Have you ever seen dozens of Stackers in military uniform? Well, welcome to OpenStack Days in Tel Aviv, hosted by GigaSpaces! AT&T, Red Hat, IBM, IDF, Rackspace and CERN discussed how to train for OpenStack on OpenStack, who the OpenStack contributors are, and why clouds are so important for modern science in general, and physics in particular. Let’s dive in for more details!
The most closed OpenStack ever, the event took place at the Tel Aviv convention center. The keynote session started after opening words by Nati Shalom from GigaSpaces and an overview provided by Jonathan Bryce, who described the state of the worldwide OpenStack ecosystem.
The first presentation was made by Dor Litay and Avi Shimon, representatives from Israel Defense Intelligence (IDI), the largest member of Israel’s Intelligence community, and part of the Israeli Defense Force (IDF). They spoke about their participation in OpenStack and how they use this technology.
Dor Litay and Avi Shimon
The Senior Global Manager of Engineering at Red Hat, Livnat Peer, is a Cloud Infrastructure expert. During the OpenStack event, she tweeted that IDI’s presentation suggested a wind of change.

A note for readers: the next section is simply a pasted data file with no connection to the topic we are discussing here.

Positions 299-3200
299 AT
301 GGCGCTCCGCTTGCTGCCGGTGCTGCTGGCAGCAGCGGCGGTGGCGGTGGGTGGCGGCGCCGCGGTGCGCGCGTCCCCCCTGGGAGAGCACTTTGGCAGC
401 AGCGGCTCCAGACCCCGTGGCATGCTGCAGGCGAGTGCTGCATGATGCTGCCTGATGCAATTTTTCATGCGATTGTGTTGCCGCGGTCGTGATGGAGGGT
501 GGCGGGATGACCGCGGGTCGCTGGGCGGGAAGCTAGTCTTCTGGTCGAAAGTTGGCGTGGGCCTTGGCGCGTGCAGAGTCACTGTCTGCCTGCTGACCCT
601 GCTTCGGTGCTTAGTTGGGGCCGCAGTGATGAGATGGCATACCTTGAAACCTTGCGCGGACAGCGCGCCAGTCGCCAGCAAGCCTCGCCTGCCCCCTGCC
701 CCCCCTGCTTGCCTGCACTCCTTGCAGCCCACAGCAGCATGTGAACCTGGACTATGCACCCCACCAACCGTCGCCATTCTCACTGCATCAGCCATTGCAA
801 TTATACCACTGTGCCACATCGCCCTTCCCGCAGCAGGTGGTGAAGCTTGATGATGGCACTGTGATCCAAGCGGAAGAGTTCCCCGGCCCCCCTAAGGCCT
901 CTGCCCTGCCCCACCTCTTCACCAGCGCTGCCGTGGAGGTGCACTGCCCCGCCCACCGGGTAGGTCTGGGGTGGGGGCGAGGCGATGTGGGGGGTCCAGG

IDI’s staff said that they viewed cloud computing as a way to decrease the gap between their internal IT and the global-civilian, internet-based, IT world. They said that they use a highly specialized, highly “opinionated,” private cloud computing platform and that they have total control of every aspect of the stack, but that it is based on OpenStack.
They also told the audience about challenges they face when working with OpenStack. For example, like many organizations, they have had problems with the lack of cloud engineers, bare-metal provisioning at scale, SDN and NFV related issues, and … forming relationships with the community! As a way of helping to form relationships, the IDI staff asked the audience two questions: “What can we share?” and “How can we contribute?”